Wednesday, March 19, 2014

The Rise Of Cronyism

When TIME (Mar 17, 2014) highlighted Ho Ching is 26th of the 50 Most Powerful Women In Business (according to Fortune magazine's ranking), they took pains to mention that "hers is not a political appointment". Singtel's Chua Sock Koong, 56, is ranked 22nd, is also not a political appointment. But no need to say that.

Everybody's nervous about the new "c" word, with corruption fast becoming blasé thanks to it being over used in the past couple of years. The Economist’s latest cover story warning readers of “The New Age of Crony Capitalism” has been commended for shining a journalistic light on cronyism’s rise and the corrosive effects of rent-seeking behavior - grabbing a bigger slice of the pie rather than making the pie bigger.

At the U.S. Government Accountability Institute, “cronyism” or “crony capitalism”  is as defined those instances when government gives certain companies favorable rules or taxpayer monies others don’t enjoy. Those not in favour of the cash going to Olam International (Olam) will have a field day, given the darts thrown at Singapore Exchange (SGX) for being less involved in the Temasek Holdings initiative. SGX's hastily prepared statement regarding Olam served only to muddy the waters further.

Critics are arguing that The Economist’s index is not constructed to capture the critical moves cronies make. Indeed, a more complete cronyism index would include metrics such as the number of government-backed loans a company or individual has received, subsidies or set-asides, and the number of concessions scored by so-called “offensive” lobbying efforts. The Economist’s crony-capitalism index also isolates business sectors like casinos, oil and gas, and real estate as crony sectors while ignoring things like high-tech, healthcare, and entertainment.

Thus, the magazine concludes that the United States ranks number 17 and China fares even better with an index score of 19. And oh, Singapore is ranked 5th place in that index. Yes, Singapore did score 23 points for institutional strength but The Economist said that indicator is no guarantee that cronyism here can be kept in check.


16 comments:

  1. Institutional strength is very scary. It means cronies are well institutionalized lah.

    ReplyDelete
    Replies
    1. So does Singapore Inc
      - managed by PAP affiliated management
      - is this institutionalized crony capitalism?

      Delete
    2. Living in lah lah land lah.

      Delete
  2. Indeed, it is commonly practise around the World.
    Can Singapore be an exception?

    ReplyDelete
    Replies
    1. 10 billion flies eat shit around the world.
      Can Singaporeans be an exception?

      Delete
    2. @ anon 11.08am,
      Singapore has all along surpassed cronyism with nepotism.

      I cannot think of another country that has a father, son and daughter-in-law running state funds and guess what ?... they pretend to be answerable to a so called 35% elected president who incidently is part of the famiLee by marriage.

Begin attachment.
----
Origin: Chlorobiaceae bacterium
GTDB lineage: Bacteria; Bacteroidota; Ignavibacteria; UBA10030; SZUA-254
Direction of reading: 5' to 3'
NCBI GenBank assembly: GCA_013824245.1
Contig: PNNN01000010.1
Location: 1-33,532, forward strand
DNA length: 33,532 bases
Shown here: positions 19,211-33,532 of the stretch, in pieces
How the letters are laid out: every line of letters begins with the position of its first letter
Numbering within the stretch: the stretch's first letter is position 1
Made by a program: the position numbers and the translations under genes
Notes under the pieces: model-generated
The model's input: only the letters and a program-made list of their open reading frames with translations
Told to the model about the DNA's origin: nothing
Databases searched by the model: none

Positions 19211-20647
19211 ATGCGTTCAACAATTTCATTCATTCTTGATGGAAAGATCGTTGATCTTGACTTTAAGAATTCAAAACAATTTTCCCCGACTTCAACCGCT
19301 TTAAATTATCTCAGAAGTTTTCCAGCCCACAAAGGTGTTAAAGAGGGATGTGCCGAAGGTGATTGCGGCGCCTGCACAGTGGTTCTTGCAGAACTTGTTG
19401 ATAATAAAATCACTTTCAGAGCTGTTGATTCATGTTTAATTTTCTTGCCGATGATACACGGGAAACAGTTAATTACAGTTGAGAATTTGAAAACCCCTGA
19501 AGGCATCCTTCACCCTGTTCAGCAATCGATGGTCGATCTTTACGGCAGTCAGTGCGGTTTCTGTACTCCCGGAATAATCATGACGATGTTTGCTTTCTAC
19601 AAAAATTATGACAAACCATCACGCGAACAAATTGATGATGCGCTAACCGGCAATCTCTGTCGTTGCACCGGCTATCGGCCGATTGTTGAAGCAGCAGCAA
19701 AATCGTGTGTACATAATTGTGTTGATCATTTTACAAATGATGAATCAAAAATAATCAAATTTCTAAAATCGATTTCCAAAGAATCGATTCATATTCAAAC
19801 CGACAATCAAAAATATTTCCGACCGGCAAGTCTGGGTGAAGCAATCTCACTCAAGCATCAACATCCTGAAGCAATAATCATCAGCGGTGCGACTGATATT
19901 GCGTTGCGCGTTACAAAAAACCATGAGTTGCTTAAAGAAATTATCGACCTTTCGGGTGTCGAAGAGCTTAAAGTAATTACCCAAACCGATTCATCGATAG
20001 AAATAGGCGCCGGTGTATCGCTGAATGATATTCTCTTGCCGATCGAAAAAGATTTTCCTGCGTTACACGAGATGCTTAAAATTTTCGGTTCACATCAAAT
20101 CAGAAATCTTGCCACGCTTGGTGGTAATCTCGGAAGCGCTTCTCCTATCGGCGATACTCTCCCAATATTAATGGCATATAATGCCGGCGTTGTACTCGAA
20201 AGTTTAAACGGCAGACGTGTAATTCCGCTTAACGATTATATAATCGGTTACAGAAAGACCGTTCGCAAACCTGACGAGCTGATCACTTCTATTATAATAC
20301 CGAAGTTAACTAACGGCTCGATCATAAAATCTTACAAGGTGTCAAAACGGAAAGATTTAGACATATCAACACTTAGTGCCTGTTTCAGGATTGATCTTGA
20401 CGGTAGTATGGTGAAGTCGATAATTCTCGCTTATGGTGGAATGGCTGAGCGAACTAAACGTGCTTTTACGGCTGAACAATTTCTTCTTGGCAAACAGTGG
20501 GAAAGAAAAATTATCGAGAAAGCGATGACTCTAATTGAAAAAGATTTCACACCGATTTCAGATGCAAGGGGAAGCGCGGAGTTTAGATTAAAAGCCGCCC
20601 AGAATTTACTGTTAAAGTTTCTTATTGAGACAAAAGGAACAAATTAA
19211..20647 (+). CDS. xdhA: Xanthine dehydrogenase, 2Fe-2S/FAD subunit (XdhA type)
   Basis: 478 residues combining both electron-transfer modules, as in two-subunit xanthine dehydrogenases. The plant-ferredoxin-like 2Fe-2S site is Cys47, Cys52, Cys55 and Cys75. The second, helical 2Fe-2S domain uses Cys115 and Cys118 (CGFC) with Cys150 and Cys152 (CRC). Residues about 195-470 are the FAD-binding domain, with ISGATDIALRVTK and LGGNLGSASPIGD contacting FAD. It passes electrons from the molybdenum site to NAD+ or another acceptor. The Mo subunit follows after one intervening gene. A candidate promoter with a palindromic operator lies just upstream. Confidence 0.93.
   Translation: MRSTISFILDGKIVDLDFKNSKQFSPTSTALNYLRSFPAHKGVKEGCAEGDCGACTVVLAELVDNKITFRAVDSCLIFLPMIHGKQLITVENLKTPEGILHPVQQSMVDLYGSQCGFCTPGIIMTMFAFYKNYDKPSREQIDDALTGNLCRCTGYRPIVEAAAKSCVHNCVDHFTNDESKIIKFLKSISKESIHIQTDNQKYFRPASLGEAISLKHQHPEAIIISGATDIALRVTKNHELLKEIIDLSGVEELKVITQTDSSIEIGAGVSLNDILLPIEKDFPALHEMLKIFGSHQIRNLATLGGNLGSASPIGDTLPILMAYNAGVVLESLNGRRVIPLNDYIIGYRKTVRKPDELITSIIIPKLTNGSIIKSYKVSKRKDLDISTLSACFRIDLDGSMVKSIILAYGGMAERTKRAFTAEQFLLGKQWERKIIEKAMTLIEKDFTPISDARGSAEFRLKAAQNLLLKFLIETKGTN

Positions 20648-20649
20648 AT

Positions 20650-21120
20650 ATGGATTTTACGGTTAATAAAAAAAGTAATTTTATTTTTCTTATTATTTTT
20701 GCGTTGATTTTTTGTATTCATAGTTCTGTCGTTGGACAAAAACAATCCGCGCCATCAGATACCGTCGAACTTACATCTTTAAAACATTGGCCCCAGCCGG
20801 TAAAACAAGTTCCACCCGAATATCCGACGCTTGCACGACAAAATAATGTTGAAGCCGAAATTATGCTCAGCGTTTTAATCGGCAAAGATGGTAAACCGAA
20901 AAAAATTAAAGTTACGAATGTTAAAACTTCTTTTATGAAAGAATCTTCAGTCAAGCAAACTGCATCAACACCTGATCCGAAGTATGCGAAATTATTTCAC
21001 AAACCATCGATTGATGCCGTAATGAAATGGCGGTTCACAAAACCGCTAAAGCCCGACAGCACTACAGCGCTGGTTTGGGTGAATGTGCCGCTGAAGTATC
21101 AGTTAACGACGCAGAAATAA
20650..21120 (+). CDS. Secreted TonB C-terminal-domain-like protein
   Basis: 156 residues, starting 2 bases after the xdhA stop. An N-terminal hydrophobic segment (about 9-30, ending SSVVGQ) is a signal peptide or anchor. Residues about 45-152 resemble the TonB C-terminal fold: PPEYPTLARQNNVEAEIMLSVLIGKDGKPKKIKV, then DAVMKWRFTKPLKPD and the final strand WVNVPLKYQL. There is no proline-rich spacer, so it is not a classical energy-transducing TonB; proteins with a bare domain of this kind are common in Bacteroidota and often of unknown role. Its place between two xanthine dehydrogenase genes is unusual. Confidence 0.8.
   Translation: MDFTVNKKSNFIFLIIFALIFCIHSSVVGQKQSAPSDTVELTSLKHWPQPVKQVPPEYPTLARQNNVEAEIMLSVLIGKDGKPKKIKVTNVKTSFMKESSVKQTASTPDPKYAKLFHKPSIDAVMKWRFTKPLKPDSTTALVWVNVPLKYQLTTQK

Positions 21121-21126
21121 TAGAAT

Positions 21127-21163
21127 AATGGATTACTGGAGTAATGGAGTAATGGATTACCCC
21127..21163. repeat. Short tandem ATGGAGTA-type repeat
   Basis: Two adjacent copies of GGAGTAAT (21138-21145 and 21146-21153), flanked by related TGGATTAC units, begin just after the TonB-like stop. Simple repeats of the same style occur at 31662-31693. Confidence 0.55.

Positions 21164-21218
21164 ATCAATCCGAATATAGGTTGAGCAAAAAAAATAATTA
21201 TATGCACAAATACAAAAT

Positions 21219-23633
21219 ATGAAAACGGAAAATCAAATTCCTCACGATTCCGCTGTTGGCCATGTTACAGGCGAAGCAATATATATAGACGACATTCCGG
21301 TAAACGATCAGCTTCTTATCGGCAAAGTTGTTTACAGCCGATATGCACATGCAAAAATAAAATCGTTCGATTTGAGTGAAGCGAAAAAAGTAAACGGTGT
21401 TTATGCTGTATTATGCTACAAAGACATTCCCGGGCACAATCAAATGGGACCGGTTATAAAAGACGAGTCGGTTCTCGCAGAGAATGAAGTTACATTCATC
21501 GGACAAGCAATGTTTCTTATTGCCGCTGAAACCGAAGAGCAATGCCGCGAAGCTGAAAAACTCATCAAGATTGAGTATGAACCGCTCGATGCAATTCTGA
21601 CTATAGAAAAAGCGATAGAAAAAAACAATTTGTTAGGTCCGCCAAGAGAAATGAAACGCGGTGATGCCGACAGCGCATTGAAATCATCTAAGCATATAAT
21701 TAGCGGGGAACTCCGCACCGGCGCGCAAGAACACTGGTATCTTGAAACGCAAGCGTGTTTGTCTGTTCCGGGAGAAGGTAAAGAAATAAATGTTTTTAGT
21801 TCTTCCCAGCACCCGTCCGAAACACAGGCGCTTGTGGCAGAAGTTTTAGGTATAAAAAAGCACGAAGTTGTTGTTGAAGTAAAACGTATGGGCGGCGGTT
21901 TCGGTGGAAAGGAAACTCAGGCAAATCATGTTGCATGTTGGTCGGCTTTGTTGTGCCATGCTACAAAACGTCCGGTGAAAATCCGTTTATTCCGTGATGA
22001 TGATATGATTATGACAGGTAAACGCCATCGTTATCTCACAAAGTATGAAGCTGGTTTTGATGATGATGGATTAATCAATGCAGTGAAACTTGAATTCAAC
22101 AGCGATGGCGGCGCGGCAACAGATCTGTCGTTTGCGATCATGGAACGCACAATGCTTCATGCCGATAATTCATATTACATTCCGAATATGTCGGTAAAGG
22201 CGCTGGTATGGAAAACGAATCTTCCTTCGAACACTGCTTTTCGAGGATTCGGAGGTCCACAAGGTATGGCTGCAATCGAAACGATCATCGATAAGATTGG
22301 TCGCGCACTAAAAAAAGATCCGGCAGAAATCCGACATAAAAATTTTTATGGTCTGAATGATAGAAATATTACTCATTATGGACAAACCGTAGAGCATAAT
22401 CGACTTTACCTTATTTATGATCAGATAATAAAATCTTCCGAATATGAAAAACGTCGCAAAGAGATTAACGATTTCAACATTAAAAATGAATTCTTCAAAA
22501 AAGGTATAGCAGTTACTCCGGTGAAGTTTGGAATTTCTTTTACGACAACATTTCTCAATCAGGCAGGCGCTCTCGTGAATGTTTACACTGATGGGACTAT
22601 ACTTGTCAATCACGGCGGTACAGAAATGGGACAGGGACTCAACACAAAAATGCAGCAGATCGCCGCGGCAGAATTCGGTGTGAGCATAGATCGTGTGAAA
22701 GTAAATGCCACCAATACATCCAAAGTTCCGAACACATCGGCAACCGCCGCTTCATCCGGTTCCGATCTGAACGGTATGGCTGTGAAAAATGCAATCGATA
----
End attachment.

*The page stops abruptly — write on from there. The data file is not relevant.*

What form of cronyism on this planet can top this?
      LOL

      Delete
  3. Is that a reason why that handbag salesgirl running a mass transport company got off without a scratch after scr**ing up operations so badly.

    ReplyDelete
  4. If any CEO made hundreds of millions of dollars losses for any company, do you think any Board of Directors would be so kind as not to fire her especially if she is not a political appointment ? It doesn't matter whether she is making millions subsequently because any meritocratic CEO is not supposed to lose any million, let alone hundreds of them.

    Like how one million dollar idiot once asked, what do you think ?

    ReplyDelete
    Replies
    1. If the Board of Directors are all politically appointed ie. somehow approved by some Minister, does it not follow that the CEO is also politically appointed ? What say you ?

      Delete
  5. Is that not how the trick is supposed to work ? Let the Board answer for it while the Minister act blur & keep quiet ?

    ReplyDelete
    Replies
    1. Blur as in opaque, not transparent? Careful now.

      Delete
  6. Government’s approach is not cronyism for cronyism’s sake, but cronyism that leads to good governance. No cronyism may not necessarily lead to better outcomes. Some countries have gone somewhat overboard with elimination of cronyism, leading instead to the broken family and avoidance of friendship. Trust us, cronyism, like 'opaqueness", is good governance.

    ReplyDelete
    Replies
    1. As a citizen, I'll decide what's good for me.
      No need a PAPig to decide what's good for me.
      Keep it transparent.
      Or I vote Opposition.

      Delete
  7. If Transparency International has added the index "Legalised Corruption", no doubt Singapore ranks first miles ahead of its next competitor. Just look at the enormous billions of loss of public money over the years with totally zero accountability and responsibility without absolutely zero investigation. Oh , and they said it is due to "meritocracy" , and bullshit statement like

    ""People do want to know, there is curiosity, it is a matter of public interest. That is not sufficient reason to disclose information. It is not sufficient that there be curiosity and interest that you want to disclose information".

    oh yes, transparency, accountability, integrity , honesty and credibility only apply to opposition parties not to PAP. PAP very special one and thick-skin one, can accuse others when they themselves are foremost guilty of it.

    ReplyDelete
  8. In living, it is only natural to care and help those related and close. Legalized corruption sounds so much better than cronyism though the Latter is not illegal.

    patriot

    ReplyDelete
    Replies
    1. Leegalized corruption.
      I like the new term.

      Delete